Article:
To most people, $1 million would seem like the obvious choice to make…right?
So, let’s imagine that is what you choose.
A week later, it will certainly seem like you’ve made the right decision! After all, the penny is only worth 64 cents, whereas you have $1 million dollars in your bank account.
Two weeks later, when the penny is worth $81.92, you’ll still feel great about your decision.
Even after 3 weeks, the penny is still only worth about $10 thousand…100 times less than your million.
But then let’s say you check in again after 4 weeks. Now – seemingly all of a sudden – the initial penny is worth more than $1 million dollars ($1,342,177.28, to be precise).
And on day 31, it is worth $10,737,418.24…over TEN million dollars! Far more than the $1 million you accepted on Day 1.
It’s hard to believe that choosing to start with the penny is the better decision, unless you look at the numbers.
If you calculate the answer, it makes sense…but if you just choose based on your intuition, you’re probably going to make the wrong decision.
This is an imaginary story, which I read recently in the book The Slight Edge.
What I found so interesting about this book was the idea that these same ideas about compound interest also apply to our day-to-day behavior.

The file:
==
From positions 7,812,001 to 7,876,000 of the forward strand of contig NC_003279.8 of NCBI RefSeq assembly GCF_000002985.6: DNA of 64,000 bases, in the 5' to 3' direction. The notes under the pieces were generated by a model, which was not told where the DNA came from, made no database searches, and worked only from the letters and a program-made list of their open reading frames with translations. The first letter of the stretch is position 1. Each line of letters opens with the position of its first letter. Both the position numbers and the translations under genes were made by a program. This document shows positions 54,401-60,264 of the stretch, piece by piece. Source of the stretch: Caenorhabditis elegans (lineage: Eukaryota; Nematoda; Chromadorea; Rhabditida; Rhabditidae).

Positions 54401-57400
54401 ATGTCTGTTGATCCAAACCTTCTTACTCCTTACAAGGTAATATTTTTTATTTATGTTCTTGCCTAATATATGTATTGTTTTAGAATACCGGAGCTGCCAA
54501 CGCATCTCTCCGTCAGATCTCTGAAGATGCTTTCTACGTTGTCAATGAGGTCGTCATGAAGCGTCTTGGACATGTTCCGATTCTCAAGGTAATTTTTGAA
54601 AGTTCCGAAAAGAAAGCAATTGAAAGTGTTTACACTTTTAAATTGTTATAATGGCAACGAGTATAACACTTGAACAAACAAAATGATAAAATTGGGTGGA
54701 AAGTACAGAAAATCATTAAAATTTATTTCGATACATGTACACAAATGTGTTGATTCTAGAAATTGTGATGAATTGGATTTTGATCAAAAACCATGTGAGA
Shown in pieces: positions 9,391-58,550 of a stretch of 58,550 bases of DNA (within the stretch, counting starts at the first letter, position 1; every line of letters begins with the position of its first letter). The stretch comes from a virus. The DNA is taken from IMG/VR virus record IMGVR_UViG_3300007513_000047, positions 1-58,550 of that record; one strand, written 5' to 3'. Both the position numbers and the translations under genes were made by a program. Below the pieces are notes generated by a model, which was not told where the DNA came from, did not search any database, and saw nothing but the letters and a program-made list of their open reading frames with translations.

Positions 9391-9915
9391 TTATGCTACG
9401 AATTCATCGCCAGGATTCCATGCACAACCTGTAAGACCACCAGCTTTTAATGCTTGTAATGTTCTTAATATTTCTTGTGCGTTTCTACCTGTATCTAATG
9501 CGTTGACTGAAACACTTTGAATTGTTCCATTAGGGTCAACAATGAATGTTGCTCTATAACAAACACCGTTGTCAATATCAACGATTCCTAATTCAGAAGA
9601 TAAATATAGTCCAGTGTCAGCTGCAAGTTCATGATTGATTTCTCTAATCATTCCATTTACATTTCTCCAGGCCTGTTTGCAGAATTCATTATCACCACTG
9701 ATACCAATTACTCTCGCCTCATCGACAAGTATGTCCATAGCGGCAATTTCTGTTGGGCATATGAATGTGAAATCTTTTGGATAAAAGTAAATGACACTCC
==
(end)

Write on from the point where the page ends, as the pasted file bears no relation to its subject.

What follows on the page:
We tend to underestimate the power of small, consistent actions
Let’s imagine, for a moment, that this isn’t money you’re investing, but time spent studying, reading, or exercising.
We often think of the small decisions we make every day as relatively insignificant:
“I only have 20 minutes after school before I need to leave for practice…so why bother starting on my homework?
“We’re not turning in these math problems, they’re just for practice. So, it won’t really make a difference if I skip the last few.”
“I’ll just watch one more episode of this show first, and get started after that. I can always start tomorrow if I have to.”
It’s so easy to get home from school and spend 10 minutes texting your friends – or 30 minutes watching a show on Netflix – before starting your homework.
And in the short term, that doesn’t seem like it really will have much of an effect. After all, it’s just half an hour. What difference will it make?
Initially, it might seem like nothing is happening…
Let’s imagine that you really want to bring up your grade in math, so you decide to spend an additional 10 minutes doing practice problems for your math class every afternoon, before starting the rest of your homework.
At first, this might not seem like it’s having any impact.
The difference between good choices and bad choices is often very small, so when you first start changing your behavior you might not notice a huge difference. In fact, it probably will seem like your actions aren’t having any effect at all.